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Obamacare Lawsuit Provides No "Free Ride" For New Jersey

February 01, 2011 J

At the beginning of January, Governor Christie appeared on the Sean Hannity Show and said this in reference to the multi-state lawsuit challenging Obamacare.

“For once in our history, New Jersey is taking a free ride. For once I want to give my citizens, who pay the highest taxes in America, a free ride.”

Well, it turns out there is no free ride for New Jerseyans.

Yesterday, Justice Roger Vinson, in a Florida district court, ruled Obamacare’s individual mandate unconstitutional – and importantly — “unseverable” from the law. As such, his decision rendered the entire law void.

As a consequence of the decision, The Heritage Foundation reports that all 26 states engaged in the lawsuit were granted “declaratory relief” and, thus, would not be required to comply with the expansion of Medicaid under Obamacare.

The Heritage Foundations explains:

Because the entire act was struck down, the future requirements to expand Medicaid programs will be suspended, at least as to these 26 states, and these states will be relieved of their obligation to make plans for such expansion in the immediate future. At a time when many states face insolvency, the removal of this burden is welcome news. The Obama administration, rather than fight the relief for these 26 states, should extend it to all 50 until the case is finally resolved.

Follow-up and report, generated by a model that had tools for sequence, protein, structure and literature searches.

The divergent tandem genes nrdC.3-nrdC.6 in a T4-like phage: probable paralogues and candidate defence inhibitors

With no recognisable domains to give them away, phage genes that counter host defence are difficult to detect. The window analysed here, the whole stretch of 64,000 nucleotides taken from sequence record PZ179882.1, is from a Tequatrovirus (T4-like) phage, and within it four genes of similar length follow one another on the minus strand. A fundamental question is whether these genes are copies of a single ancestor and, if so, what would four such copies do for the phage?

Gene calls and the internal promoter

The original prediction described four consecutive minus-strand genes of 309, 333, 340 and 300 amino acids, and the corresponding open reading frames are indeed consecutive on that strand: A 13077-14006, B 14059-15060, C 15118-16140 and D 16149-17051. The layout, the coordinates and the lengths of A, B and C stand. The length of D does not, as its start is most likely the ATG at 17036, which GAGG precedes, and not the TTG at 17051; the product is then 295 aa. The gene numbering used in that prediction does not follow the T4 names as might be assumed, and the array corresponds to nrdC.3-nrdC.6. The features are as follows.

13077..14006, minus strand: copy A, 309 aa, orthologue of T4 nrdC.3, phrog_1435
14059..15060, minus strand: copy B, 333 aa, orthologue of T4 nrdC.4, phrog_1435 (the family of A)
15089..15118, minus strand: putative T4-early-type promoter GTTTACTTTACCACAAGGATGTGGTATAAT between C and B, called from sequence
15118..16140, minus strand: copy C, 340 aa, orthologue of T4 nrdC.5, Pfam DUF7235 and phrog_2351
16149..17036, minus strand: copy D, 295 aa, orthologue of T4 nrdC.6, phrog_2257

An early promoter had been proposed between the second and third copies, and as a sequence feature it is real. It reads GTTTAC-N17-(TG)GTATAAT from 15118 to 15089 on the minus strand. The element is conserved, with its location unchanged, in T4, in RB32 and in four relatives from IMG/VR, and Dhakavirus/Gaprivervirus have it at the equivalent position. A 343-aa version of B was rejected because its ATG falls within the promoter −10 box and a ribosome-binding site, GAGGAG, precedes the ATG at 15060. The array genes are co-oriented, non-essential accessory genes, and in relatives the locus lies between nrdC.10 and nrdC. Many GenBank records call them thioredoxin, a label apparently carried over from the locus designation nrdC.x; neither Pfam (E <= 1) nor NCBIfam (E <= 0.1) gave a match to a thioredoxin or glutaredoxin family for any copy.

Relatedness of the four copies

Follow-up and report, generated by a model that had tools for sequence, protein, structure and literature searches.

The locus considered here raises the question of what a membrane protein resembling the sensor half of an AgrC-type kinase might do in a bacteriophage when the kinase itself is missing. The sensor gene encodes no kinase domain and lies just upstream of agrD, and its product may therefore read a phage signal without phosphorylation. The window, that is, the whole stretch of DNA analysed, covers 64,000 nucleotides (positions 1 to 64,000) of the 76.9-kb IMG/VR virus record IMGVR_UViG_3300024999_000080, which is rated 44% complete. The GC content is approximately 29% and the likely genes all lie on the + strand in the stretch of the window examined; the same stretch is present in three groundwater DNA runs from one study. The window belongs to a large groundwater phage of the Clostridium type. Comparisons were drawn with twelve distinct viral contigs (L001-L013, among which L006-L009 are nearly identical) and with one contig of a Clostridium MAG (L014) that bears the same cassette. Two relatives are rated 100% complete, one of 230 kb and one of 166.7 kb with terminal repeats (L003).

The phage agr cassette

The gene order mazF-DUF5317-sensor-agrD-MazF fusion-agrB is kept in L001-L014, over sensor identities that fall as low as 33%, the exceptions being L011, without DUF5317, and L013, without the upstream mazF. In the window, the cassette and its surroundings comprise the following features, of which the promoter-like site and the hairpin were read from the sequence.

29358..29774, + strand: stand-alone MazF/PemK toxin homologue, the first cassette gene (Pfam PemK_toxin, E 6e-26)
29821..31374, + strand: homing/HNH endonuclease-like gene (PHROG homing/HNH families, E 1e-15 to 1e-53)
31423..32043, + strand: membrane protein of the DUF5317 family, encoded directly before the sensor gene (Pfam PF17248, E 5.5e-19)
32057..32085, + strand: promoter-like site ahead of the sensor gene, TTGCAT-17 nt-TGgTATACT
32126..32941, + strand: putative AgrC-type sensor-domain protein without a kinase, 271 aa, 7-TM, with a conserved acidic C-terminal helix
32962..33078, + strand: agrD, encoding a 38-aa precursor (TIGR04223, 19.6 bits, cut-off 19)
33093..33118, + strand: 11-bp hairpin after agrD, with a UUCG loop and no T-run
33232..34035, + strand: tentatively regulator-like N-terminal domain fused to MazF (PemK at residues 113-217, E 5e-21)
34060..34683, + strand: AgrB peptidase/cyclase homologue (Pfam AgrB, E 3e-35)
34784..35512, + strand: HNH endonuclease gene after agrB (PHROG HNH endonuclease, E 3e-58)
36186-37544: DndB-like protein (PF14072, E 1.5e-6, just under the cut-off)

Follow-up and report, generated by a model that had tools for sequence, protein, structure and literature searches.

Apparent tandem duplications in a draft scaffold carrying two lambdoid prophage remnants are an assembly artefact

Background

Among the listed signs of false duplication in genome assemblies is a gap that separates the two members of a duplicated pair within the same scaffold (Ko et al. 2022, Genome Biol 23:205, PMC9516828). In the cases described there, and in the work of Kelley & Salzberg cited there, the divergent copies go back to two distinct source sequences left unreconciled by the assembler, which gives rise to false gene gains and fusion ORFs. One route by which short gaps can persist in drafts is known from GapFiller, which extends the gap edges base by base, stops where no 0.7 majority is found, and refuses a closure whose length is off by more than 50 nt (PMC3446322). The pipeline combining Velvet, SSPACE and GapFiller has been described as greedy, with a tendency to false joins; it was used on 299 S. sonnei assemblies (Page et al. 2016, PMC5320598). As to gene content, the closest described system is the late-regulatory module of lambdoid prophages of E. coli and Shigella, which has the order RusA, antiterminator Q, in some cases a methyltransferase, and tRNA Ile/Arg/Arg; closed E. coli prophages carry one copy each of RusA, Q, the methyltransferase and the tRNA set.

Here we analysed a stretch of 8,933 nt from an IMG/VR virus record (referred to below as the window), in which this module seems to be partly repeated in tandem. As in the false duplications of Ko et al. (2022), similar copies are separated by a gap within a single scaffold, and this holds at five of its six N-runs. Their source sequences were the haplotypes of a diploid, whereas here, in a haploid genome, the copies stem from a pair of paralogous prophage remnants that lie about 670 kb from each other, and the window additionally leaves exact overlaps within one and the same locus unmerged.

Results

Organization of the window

The Christie administration’s failure to join the multi-state lawsuit, thereby protecting our state’s sovereignty, is now shown to have a clear and direct economic consequence.

Ironically, just last week Governor Christie had this to say about Medicaid’s impact on our state budget:

“The biggest problem in the budget is Medicaid,” said Christie. “We’re in a situation this year where we lose $900 million in federal funding for Medicaid but are being told that we can’t reduce benefits. In times of flat or declining revenue you run out of options quickly.”

Well, the governor could have done something about this looming problem. All he had to do was pony up the less than thousand dollars it would have taken to sign on to the multi-state lawsuits, and at least in the near term, he would have saved our state millions of dollars.

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